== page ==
Move beyond power chords and pentatonics and open up your musical universe! Kiko Loureiro's roots in Brazilian, Latin, Fusion, Jazz, Metal and Classical music influence his masterful compositions and stlye.
The Blues & Beyond reveals Robben's advanced concepts for improvising and comping. Performing his well-known renditions of several blues classics,Robben demonstrates how he plays over chord changes. Robben also discusses phrasing and playing "outside" using pentatonic,diminished, and melodic minor scales. Check out the "Miles Groove," where Robben plays a great solo combining blues, bebop, and modern "out" lines. And to help you capture Robben's unique style, most of the solos, chords,and playing demonstrations have been transcribed in the music and tab book included.
For Immediate Release – Jeff Lorber Fusion, whose previous release Hacienda was praised for its “impeccable musicianship and deep grooves” by JazzTimes and its “funky, rollicking jams” by All About Jazz, returns on September 25, 2015, with Step It Up on Heads Up, a division of Concord Music Group. The fourth consecutive collaboration between GRAMMY®-nominated keyboardist/composer/producer Jeff Lorber and GRAMMY®-winning bassist/composer/ producer Jimmy Haslip since the two virtuosos reactivated Jeff Lorber Fusion five years ago, Step It Up features 11 new Lorber compositions, several co-written with Haslip. The longtime colleagues also co-produced the recording.
Move beyond power chords and pentatonics and open up your musical universe! Kiko Loureiro's roots in Brazilian, Latin, Fusion, Jazz, Metal and Classical music influence his masterful compositions and stlye. In this program, Kiko shows you a method for using arpeggios to craft amazing leads and melodies. He starts with major and minor arpeggios and triad voicings and builds them into progressions. Then expands on this concept with major arpeggio extensions adding the 7th and 9th and shows how to complete the mission by delivering full dominant and diminished arpeggios in single and cross string technique.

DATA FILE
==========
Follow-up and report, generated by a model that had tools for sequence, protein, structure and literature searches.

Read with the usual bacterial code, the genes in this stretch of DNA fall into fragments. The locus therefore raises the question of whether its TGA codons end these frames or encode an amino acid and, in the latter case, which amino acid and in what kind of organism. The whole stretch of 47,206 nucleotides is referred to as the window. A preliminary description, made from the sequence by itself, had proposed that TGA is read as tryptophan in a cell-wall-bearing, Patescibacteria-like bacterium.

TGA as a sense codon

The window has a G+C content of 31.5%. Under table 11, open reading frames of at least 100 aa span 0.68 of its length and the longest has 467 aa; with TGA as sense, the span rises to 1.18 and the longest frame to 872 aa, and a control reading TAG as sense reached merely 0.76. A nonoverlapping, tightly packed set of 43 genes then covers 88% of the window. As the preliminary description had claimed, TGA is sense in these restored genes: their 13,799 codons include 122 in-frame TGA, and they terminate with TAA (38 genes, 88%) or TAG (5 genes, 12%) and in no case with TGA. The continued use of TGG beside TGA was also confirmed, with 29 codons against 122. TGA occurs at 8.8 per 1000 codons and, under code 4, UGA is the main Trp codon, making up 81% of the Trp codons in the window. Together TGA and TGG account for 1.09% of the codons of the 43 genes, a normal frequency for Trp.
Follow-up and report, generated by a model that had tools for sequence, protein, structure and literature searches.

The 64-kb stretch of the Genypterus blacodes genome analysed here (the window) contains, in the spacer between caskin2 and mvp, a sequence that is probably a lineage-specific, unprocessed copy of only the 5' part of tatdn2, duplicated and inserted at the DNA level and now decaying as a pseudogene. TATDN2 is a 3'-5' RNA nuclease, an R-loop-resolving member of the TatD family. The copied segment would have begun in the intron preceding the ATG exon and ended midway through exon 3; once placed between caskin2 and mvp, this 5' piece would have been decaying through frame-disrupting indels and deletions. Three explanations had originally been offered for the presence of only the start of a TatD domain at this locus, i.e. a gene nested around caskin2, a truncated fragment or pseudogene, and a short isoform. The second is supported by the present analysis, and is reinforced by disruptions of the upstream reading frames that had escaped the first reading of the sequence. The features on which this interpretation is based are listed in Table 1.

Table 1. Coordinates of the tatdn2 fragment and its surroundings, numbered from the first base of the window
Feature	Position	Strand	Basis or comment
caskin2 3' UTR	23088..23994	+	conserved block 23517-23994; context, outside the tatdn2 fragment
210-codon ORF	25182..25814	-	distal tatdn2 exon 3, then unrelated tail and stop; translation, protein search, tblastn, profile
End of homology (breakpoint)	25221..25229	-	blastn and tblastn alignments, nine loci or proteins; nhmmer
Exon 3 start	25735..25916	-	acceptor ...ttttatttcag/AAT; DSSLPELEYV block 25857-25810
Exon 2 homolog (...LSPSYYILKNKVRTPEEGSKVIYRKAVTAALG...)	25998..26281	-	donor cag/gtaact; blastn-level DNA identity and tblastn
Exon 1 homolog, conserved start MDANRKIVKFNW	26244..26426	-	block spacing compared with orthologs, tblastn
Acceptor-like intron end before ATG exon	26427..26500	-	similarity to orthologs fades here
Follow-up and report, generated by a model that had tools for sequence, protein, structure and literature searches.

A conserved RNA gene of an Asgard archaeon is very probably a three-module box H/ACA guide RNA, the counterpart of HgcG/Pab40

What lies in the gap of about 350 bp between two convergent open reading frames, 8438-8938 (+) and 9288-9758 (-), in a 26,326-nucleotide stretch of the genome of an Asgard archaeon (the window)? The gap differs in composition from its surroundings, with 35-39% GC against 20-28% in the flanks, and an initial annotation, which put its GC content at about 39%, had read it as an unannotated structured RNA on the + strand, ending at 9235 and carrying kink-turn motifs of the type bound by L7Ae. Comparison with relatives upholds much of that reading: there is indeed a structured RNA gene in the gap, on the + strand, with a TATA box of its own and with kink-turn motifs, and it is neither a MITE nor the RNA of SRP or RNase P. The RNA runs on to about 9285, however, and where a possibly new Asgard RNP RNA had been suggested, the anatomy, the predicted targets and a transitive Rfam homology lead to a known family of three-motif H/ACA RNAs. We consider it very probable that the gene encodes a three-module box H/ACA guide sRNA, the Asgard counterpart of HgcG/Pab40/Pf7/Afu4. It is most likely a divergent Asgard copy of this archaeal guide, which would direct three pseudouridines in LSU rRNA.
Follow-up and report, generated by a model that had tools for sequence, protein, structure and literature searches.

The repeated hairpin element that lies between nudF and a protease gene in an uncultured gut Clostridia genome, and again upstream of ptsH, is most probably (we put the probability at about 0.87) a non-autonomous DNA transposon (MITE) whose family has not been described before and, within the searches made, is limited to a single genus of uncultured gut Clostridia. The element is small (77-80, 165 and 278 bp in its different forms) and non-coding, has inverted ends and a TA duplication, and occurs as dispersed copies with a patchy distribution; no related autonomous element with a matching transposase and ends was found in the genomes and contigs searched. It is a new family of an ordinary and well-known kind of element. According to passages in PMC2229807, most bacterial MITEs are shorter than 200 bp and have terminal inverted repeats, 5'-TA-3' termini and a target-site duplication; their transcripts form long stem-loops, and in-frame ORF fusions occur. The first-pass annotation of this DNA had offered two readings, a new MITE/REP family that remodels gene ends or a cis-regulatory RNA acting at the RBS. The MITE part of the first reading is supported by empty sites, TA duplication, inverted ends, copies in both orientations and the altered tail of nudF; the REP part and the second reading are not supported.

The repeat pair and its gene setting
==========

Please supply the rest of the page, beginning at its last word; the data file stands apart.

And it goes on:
Over the years many people have asked, "Will the real Robben Ford please stand up?" Those are the people who wonder if the singer/guitarist is really a blues-rock vocalist or a jazz fusion instrumentalist at heart. But truth be told, Ford is many different things. He is genuinely eclectic, which is why one never really knows from one album to the next what direction he will take. Blue Moon, Ford's first album for Concord Jazz, is primarily a vocal date. Ford gets in his share of inspired guitar solos, and he provides one instrumental: the gutsy "Indianola." But most of the time he sings. And as a vocalist, he favors an exciting blend of blues, rock, and soul on tracks like "Something for the Pain," "Don't Deny Your Love," and "The Way You Treated Me (You're Gonna Be Sorry)." Meanwhile, "It Don't Make Sense (You Can't Make Peace)" and the moody "Make Me Your Only One" are among the CD's more jazz-tinged vocal offerings.
On his second album for the Concord Jazz label, guitarist Robben Ford stays pretty much to the formula of Blue Moon from 2001. He concentrates on playing, singing, and covering great songs (and even writes a few) with interesting arrangements, inspired solos, and crisp, clean production that lets the song shine through the players. Much has been made of Ford's eclecticism and that is reflected in his choice of material here, though he never strays from the blues or R&B into jazz or fusion. Ford's selection of session players reflects his divergent interests as well: Edgar Winter appears on saxophone, while John Mayall and Ivan Neville guest along with horn bosses Bob Malach and Dan Fornero and Ford's road band. Opening the set with the title track, written by soul man Jackie Edwards, Ford lays out his formula immediately: a tight horn chart for tenor and baritone saxes, as well as trumpet; a crystal clear, expressive vocal delivery; and Ford's signature stinging guitar in the solo break lifts proceedings off on the up tip.